Pilgrims converge at Mecca for hajj
Pilgrims gathered today for the central ritual of hajj, prayers and soul-searching at Mount Arafat, where the Prophet Muhammad preached his last sermon.india Updated: Feb 02, 2004 11:23 IST
Pilgrims converged here on Saturday for the central ritual of the hajj, prayers and soul-searching at Mount Arafat, where the Prophet Muhammad preached his last sermon.
A pilgrimage to this gentle hill 20 kilometres southwest of Mecca is believed to represent the Day of Judgment, when Islam says every person will stand before Allah and answer for his deeds.
"I could not wait to reach here; this is primarily what we came for," said Abdel Aziz al-Jezairi, an Egyptian. "This is the worst day for the devil. When he sees thousands of Muslims gathered in such a show of force and piety."
The hajj, the pilgrimage to Mecca required of all Muslims once in a lifetime, climaxes today noon with the arrival of the nearly 2 million pilgrims at Mount Arafat, where Muhammad delivered his last sermon in A.D. 632, three months before his death.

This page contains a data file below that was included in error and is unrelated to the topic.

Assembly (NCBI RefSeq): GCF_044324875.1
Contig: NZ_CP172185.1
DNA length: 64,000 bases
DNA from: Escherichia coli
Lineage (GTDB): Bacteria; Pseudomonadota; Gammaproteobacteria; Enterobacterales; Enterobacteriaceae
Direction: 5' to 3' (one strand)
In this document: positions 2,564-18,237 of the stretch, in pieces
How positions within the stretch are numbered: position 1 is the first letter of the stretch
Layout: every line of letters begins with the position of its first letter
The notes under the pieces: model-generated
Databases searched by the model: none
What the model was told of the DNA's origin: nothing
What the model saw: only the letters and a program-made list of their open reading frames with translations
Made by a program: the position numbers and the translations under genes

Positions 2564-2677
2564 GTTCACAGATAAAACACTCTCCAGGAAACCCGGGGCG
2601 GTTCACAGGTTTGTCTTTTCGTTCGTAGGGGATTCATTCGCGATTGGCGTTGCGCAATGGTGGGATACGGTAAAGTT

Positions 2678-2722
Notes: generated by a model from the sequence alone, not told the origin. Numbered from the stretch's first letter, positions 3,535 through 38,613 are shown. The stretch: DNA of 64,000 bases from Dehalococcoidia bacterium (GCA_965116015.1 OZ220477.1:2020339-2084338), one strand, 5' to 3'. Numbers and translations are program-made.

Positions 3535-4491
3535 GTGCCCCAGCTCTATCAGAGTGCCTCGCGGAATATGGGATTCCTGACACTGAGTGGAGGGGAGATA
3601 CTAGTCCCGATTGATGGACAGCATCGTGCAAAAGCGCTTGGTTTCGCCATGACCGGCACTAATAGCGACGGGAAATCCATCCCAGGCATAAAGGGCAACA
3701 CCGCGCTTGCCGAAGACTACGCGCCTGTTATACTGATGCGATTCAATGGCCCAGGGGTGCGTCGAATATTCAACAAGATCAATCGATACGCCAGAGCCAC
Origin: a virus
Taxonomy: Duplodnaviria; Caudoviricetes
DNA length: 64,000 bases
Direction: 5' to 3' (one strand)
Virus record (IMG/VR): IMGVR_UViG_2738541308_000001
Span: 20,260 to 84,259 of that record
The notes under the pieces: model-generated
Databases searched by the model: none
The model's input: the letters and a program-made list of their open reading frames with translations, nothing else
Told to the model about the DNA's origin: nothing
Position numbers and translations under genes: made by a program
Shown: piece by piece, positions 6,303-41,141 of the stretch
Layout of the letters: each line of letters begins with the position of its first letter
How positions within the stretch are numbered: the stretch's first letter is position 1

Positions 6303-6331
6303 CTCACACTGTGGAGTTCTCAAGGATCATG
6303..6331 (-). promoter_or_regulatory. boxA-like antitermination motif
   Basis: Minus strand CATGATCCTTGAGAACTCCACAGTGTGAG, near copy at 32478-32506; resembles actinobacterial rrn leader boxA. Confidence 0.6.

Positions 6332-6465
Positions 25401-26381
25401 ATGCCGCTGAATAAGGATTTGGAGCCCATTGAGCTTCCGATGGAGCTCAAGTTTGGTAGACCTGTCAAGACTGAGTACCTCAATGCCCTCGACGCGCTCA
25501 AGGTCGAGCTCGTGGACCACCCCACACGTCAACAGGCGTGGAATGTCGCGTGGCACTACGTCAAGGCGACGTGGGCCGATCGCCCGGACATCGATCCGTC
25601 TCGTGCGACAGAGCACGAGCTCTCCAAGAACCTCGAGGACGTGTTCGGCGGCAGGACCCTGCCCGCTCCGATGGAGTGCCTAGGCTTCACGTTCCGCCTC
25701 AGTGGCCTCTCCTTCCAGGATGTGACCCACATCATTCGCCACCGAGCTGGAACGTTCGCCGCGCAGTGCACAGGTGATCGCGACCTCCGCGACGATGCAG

After Friday prayers at Mecca's Grand Mosque, thousands of pilgrims walked and took buses to the tent city of Mina for a night of rest before going to Mount Arafat.
In Mina, chants of "At Thy service, my God, at Thy service" mixed with sirens and motors from passing vehicles. Some pilgrims cooked and slept on the streets; others prayed. Police used microphones to warn pedestrians to keep out of the path of buses, and rescue teams roamed the area.
Police forces were on high alert after six Saudi security agents and a civilian were killed Thursday in a shootout with suspected terrorists in the Saudi capital, Riyadh, some 800 kilometres to the east.